Update water quality standards for aquatic life that focus on pollutants most harmful to Southern Residents and their food.
Direct the Washington Department of Ecology to consider developing stronger pre-treatment standards for city and industrial wastewater discharges.
Fund the Department of Ecology to increase inspections, assistance programs, and enforcement to achieve water quality standards. Prioritize enforcement where limits are exceeded for pollutants known to be harmful to Southern Resident orcas.
The Department of Ecology should report in 2019 on how to accelerate effectiveness, implementation, and enforcement of National Pollutant Discharge Elimination System permits. Using the existing regulatory framework and authority under the Clean Water Act and Water Pollution Control Act, the department should update water quality standards for aquatic life that focus on the pollutants most harmful to Southern Residents and their food. To fill gaps, this will focus primarily on polybrominated diphenyl ethers (PBDEs), contaminants of emerging concern, and other chemicals based on greatest benefit to Southern Residents and their food. In addition, Ecology should consider developing stronger pre-treatment standards for municipal and industrial wastewater dischargers under the National Pollutant Discharge Elimination System.
Improved permit requirements also would result in increased innovation and source control and drive improved technology requirements. For municipal wastewater facilities, this would combine better industrial pretreatment and use of better treatment technologies with upgrades to wastewater treatment facilities. New standards could be implemented through renewals of the 5-year National Pollutant Discharge Elimination System permit cycle and could allow permittees the necessary time to fully implement solutions (ideally within one permit cycle).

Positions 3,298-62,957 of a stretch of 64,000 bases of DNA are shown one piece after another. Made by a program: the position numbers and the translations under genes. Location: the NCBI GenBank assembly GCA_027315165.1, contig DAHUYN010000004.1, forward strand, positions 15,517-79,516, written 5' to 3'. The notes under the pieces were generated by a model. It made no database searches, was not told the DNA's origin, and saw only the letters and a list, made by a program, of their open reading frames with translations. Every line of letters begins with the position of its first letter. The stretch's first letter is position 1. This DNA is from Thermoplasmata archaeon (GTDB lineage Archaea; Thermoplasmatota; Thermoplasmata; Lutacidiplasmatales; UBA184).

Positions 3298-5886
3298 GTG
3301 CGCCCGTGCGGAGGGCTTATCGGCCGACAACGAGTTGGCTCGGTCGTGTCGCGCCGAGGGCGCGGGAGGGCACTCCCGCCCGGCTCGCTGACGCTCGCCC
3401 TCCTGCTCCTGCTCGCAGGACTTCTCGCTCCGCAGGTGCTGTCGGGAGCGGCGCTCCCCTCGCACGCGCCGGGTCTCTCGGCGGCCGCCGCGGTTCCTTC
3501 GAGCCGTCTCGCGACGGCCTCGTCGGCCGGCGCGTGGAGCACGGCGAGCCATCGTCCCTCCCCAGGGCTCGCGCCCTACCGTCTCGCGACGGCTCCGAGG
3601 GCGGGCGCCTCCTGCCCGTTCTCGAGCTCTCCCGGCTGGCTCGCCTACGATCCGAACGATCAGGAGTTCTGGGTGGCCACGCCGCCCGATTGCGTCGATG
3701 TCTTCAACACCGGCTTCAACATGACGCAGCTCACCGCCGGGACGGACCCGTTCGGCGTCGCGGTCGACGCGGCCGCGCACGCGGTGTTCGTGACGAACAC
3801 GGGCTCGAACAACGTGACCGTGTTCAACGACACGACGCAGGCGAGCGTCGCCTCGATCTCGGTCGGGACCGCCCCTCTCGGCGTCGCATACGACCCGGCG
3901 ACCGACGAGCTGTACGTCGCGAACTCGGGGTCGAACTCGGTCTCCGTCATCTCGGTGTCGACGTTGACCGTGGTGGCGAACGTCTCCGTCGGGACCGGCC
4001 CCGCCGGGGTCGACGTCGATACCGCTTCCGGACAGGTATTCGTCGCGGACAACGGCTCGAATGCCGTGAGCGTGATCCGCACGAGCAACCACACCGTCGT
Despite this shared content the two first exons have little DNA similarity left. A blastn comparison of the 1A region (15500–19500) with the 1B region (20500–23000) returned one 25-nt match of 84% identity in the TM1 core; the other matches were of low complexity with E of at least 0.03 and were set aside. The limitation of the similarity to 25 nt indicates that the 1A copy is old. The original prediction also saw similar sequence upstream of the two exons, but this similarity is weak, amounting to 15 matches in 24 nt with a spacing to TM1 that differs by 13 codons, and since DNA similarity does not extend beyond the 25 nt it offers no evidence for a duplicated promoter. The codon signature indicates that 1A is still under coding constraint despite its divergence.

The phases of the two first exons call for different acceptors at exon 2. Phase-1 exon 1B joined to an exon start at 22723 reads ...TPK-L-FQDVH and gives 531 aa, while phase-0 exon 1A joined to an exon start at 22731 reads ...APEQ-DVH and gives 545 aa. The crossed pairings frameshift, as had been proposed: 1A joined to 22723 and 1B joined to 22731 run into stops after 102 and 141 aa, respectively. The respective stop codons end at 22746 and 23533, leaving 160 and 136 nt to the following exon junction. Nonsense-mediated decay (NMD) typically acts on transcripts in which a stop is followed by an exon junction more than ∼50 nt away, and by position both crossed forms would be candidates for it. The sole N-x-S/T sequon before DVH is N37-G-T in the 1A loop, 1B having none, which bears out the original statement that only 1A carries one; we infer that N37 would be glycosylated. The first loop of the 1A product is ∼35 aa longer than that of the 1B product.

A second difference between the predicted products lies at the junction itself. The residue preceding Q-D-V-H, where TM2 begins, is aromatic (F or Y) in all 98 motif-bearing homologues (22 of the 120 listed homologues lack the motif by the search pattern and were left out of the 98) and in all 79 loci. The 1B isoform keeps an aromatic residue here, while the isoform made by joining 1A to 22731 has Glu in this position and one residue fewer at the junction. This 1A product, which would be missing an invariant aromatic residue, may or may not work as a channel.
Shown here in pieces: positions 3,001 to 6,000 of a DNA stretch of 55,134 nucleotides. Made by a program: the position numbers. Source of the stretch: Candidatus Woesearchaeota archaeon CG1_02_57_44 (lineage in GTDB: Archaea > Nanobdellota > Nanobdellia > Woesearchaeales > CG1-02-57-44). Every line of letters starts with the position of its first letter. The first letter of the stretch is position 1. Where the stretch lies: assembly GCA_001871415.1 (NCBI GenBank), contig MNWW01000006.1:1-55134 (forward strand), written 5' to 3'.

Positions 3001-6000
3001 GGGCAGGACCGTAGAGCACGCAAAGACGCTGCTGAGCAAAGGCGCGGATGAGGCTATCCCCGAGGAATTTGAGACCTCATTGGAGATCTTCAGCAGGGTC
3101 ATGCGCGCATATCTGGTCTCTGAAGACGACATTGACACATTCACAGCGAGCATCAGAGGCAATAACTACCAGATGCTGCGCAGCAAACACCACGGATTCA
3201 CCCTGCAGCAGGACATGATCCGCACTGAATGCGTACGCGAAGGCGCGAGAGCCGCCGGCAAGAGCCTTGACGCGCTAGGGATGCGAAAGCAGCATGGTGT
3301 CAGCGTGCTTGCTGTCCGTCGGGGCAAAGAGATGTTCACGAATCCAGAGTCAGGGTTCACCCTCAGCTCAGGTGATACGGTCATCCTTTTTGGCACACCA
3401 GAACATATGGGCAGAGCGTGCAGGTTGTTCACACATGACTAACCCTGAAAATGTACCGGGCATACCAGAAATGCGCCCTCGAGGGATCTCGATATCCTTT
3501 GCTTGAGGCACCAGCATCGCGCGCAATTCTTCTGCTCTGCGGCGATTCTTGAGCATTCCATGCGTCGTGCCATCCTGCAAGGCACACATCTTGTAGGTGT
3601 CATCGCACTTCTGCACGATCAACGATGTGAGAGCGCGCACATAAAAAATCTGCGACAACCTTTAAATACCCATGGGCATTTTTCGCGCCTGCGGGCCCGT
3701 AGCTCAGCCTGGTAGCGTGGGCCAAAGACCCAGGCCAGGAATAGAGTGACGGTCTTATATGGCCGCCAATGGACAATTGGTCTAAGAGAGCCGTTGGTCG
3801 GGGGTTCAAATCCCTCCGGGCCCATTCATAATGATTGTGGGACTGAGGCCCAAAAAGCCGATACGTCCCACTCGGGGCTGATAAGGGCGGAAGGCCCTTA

To ensure new and existing permit conditions and water quality standards are met, Ecology should seek funding in the 2019 legislative session for more robust inspections, assistance programs, and enforcement. The funding should support field staff and data analysis and include a clear directive to increase enforcement against entities that exceed limits for pollutants known to cause harm to the Southern Resident orcas and their food.
- In 2019, the Legislature provided funding for Department of Ecology water quality enforcement staff. That funding has been continued recently by the Legislature (these staff also support, and are reported under, Recommendation 31).
- Newly issued municipal stormwater permits now require smaller jurisdictions to implement local source control.
- The department is exploring nutrient reduction methods that may reduce toxic pollution as well.
More details may be found in the progress reports in the resources library.